Stephen, a man full of faith and of the Holy Ghost - A person every way properly fitted for his work; and thus qualified to be the first martyr of the Christian Church.
Nicolas, a proselyte of Antioch - A heathen Greek, who had not only believed in the God of Israel, but had also received circumcision, and consequently was a proselyte of the covenant; for, had he been only a proselyte of the gate, the Jews could not have associated with him. On the word proselyte, see the note on Exodus 12:43. As this is the only proselyte mentioned here, we may presume that all the rest were native Jews. From this Nicolas, it is supposed that the sect called Nicolaitans, mentioned Revelation 2:6, Revelation 2:15, derived their origin. Dr. Lightfoot doubts this, and rather inclines to derive the name "from ניכולא nicola, let us eat together; those brutes encouraging each other to eat meats offered to idols, like those in Isaiah 22:13, who said, Let us eat flesh and drink wine, etc." Both Irenaeus and Epiphanius derive this sect from Nicolas the deacon. Clemens Alexandrinus gives this Nicolas a good character, even while he allows that the sect who taught the community of wives pretended to derive their origin from him. See on Revelation 2:6; (note).
And the saying - “The word” - the counsel, or command,
A proselyte - A “proselyte” is one who is converted from one religion to another. See the notes on Matthew 23:15. The word does not mean here that he was a convert to “Christianity” - which was true - but that he had been converted at Antioch from paganism to the Jewish religion. As this is the only proselyte mentioned among the seven deacons, it is evident that the others were native-born Jews, though a part of them might have been born out of Palestine, and have been of the denomination of “Grecians,” or “Hellenists.”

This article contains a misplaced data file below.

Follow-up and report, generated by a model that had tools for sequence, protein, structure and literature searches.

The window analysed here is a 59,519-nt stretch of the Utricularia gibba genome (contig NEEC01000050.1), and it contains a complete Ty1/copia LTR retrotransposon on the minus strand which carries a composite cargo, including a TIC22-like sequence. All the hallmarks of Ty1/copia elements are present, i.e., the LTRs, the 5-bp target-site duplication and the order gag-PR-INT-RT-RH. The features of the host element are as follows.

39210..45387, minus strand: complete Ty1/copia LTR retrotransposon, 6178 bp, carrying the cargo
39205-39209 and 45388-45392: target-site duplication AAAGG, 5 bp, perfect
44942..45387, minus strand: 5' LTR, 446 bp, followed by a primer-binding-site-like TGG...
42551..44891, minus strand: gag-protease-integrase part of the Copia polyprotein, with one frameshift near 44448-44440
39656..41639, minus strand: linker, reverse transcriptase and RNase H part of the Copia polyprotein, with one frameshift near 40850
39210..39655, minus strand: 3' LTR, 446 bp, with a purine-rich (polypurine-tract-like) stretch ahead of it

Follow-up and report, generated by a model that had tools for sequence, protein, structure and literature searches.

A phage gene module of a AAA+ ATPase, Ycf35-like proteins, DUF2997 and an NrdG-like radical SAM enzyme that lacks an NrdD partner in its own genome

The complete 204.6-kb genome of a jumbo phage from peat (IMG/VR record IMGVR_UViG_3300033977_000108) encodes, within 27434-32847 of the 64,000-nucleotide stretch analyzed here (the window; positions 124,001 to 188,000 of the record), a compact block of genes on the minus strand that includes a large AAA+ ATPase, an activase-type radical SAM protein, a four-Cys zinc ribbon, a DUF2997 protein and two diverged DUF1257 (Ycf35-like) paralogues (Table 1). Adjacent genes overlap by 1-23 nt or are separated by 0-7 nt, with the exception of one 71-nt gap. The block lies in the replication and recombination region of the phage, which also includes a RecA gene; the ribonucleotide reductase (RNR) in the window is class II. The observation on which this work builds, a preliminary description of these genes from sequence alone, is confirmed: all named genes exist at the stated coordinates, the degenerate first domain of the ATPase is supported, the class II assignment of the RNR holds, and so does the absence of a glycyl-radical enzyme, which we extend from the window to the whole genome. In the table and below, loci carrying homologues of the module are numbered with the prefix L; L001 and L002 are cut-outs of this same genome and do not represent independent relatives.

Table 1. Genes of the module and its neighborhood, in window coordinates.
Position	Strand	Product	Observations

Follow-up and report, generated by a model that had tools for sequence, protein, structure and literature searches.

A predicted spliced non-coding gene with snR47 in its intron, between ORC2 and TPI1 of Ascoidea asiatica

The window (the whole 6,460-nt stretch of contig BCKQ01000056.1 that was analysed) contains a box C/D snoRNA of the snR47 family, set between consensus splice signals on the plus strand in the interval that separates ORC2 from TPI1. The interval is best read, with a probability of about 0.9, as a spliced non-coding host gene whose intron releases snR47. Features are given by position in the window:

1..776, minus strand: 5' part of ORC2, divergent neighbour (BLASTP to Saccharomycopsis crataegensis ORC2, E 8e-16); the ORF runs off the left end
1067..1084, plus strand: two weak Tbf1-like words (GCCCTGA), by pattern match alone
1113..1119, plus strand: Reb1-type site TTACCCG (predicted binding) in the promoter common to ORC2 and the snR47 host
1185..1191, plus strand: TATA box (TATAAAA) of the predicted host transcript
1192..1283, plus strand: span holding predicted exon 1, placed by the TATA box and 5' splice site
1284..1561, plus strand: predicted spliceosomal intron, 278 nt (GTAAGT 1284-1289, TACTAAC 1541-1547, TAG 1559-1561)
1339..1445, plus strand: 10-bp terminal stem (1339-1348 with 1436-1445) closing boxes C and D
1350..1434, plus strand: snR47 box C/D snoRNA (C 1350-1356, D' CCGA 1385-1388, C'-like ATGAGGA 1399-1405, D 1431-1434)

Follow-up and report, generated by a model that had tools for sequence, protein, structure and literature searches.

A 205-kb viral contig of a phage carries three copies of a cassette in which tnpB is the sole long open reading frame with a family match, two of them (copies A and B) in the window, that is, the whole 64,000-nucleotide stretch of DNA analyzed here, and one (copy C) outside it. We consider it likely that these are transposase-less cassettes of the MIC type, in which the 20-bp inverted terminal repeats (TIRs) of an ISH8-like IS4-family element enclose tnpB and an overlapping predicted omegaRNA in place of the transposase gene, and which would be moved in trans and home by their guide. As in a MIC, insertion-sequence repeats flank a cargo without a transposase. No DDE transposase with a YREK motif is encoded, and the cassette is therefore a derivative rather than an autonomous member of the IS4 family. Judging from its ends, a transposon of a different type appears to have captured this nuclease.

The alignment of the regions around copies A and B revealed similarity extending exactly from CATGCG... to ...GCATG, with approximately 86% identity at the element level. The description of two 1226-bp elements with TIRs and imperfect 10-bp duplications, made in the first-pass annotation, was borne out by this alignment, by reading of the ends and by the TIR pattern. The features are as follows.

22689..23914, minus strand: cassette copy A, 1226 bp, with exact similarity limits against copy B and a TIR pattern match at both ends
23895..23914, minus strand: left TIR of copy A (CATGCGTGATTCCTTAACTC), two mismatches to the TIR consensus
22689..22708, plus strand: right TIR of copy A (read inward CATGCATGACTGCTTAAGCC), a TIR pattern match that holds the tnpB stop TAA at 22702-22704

Of Antioch - This city, often mentioned in the New Testament (Acts 11:19-20, Acts 11:26; Acts 15:22, Acts 15:35; Galatians 2:11, etc.), was situated in Syria, on the river Orontes, and was formerly called “Riblath.” It is not mentioned in the Old Testament, but is frequently mentioned in the Apocrypha. It was built by Seleucus Nicanor, b.c. 301, and was named “Antioch,” in honor of his father Antiochus. It became the seat of empire of the Syrian kings of the Macedonian race, and afterward of the Roman governors of the eastern provinces. In this place the disciples of Christ were first called “Christians,” Acts 11:26. Josephus says it was the third city in size of the Roman provinces, being inferior only to Seleucia and Alexandria. It was long, indeed, the most powerful city of the East. The city was almost square, had many gates, was adorned with fine fountains, and possessed great fertility of soil and commercial opulence. It was subject to earthquakes, and was often almost destroyed by them. In 588 a.d. above 60,000 persons perished in it in this manner. In 970 a.d. an army of 100,000 Saracens besieged it, and took it. In 1268 a.d. it was taken possession of by the Sultan of Egypt, who demolished it, and placed it under the dominion of the Turks. It is now called “Antakia,” and until the year 1822 it occupied a remote corner of the ancient enclosure of its walls, its splendid buildings being reduced to hovels, and its population living in Turkish debasement. It contains now about 10,000 inhabitants (Robinson‘s Calmet). This city should be distinguished from Antioch in Pisidia, also mentioned in the New Testament, Acts 13:14.
Their teaching was a second edition of the teachings of Christ, the utterance of simple, grand truths that flashed light into darkened minds, and converted thousands in a day. The disciples began to understand that Christ was their Advocate in the heavenly courts, and that He was glorified. They could speak because the Holy Spirit gave them utterance (Manuscript 32, 1900). 6BC 1056.1Read in context »
This chapter is based on Acts 6:1-7.
“And in those days, when the number of the disciples multiplied, there arose a murmuring of the Grecians against the Hebrews, because their widows were neglected in the daily ministration.” These Grecians were residents of other countries, where the Greek language was spoken. By far the larger number of converts were Jews who spoke Hebrew; but these had lived in the Roman Empire, and spoke only Greek. Murmurings began to rise among them that the Grecian widows were not so liberally supplied as the needy among the Hebrews. Any partiality of this kind would have been grievous to God; and prompt measures were taken to restore peace and harmony to the believers. SR 259.1Read in context »
Gospel ministers are to keep their office free from all things secular or political, employing all their time and talents in lines of Christian effort. 7T 252.1
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